“The propagandist’s purpose is to make one set of people
forget that certain other sets of people are human.”
—Aldous Huxley, novelist (1894-1963)
In a speech to the UN General Assembly on November 29, 2012, Israel’s UN Ambassador Ron Prosor said: “The Palestinians must recognize the Jewish State and they must be prepared to end the conflict with Israel once and for all. . . As for the rights of Jewish people in this land, I have a simple message for those people gathered in the General Assembly today, no decision by the U.N. can break the 4,000-year-old bond between the people of Israel and the land of Israel.”
If the question is, “Is the Israeli government and its supporters serious about addressing the issues that cause them their biggest public relations problems,” the answer is no. Instead of changing its behavior, Israel’s response to criticism is a simple one: Deny wrongdoing, play the role of victim, punish those who resist, and attack and destroy the credibility of those who criticize it. There will be no give-and-take, there will be only take, and take, and take again until the Jewish State has it all.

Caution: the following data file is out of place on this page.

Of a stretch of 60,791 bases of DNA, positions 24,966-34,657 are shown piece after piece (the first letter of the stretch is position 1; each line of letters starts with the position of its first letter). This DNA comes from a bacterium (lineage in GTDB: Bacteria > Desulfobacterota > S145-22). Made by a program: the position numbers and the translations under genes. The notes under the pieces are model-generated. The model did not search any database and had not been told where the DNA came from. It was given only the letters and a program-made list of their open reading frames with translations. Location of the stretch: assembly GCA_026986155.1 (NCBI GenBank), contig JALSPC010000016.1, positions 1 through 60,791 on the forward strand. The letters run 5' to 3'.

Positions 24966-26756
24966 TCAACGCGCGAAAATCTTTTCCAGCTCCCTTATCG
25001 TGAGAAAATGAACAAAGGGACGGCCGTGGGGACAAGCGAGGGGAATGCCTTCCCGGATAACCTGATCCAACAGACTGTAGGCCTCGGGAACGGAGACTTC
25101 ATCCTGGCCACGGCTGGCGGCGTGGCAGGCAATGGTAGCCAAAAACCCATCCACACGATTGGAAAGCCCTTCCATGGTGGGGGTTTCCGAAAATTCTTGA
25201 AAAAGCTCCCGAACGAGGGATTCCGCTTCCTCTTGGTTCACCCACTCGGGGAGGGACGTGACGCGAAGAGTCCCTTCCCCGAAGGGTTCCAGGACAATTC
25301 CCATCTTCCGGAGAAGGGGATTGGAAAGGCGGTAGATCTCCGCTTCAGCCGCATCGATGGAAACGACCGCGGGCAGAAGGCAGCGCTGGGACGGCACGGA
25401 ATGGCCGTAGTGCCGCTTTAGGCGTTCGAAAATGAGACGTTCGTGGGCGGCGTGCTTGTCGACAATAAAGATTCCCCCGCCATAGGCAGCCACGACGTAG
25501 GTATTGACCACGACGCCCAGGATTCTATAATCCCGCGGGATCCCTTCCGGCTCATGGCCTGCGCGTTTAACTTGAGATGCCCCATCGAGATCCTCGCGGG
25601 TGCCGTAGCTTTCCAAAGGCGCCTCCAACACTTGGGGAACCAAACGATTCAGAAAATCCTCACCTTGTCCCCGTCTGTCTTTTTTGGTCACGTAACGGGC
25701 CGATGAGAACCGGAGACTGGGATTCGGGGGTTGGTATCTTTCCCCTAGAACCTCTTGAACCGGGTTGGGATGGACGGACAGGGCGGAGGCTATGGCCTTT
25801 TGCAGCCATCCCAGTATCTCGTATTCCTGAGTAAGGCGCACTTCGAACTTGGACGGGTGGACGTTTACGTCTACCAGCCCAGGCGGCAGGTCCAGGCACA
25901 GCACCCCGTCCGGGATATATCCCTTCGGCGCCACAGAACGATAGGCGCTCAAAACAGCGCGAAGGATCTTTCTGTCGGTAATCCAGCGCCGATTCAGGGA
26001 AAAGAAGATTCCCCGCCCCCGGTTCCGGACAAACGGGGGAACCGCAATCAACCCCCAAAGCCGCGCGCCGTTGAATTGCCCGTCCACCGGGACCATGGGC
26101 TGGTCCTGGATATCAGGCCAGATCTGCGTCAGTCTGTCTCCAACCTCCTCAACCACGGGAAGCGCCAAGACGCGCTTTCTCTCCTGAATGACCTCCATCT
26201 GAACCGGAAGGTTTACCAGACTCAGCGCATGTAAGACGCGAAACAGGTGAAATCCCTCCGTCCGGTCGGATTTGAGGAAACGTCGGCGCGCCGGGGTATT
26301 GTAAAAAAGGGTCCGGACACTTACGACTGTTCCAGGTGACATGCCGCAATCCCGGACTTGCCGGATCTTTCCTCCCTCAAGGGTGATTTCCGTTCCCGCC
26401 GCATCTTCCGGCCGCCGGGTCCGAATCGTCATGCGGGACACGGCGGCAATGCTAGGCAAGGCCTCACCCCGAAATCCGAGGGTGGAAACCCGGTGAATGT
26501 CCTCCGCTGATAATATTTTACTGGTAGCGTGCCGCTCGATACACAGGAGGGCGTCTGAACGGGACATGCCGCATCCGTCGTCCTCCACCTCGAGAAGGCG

Several years ago, The Reut Institute, an Israeli think tank founded in 2004 by Gidi Grinstein and others, published a 93-page report titled: “Building a Political Firewall against Israel’s Delegitimization”. A primer in designing and carrying out a propaganda campaign (called “public relations” in the report), it is a very revealing document. You will find it either at the following url, or by copying the report’s title and Googling it.
The report focuses on identifying Israel’s critics in “the resistance network” (those people and organizations that are critical of Israel’s policies and behavior), and building a political firewall against them. The report presents a detailed plan for improving Israel’s public relations (propaganda) program and its delivery. The message is a simple one: (1) Deny all charges, seek out, disarm and if necessary, silence the opposition through intimidation and shaming. (2) Work with liberal elites around the world to influence NGOs, governments and other influential bodies to delegitimize Israel’s adversaries. (3) Support scholarly seminars and institutes that discuss criticism of Israel as evidence of growing antisemitism, write opinion pieces that insinuate or blatantly charge that criticism of Israel supports antisemitism, support sympathetic politicians, lobby and, when needed, intimidate.
Following are several examples, beginning with …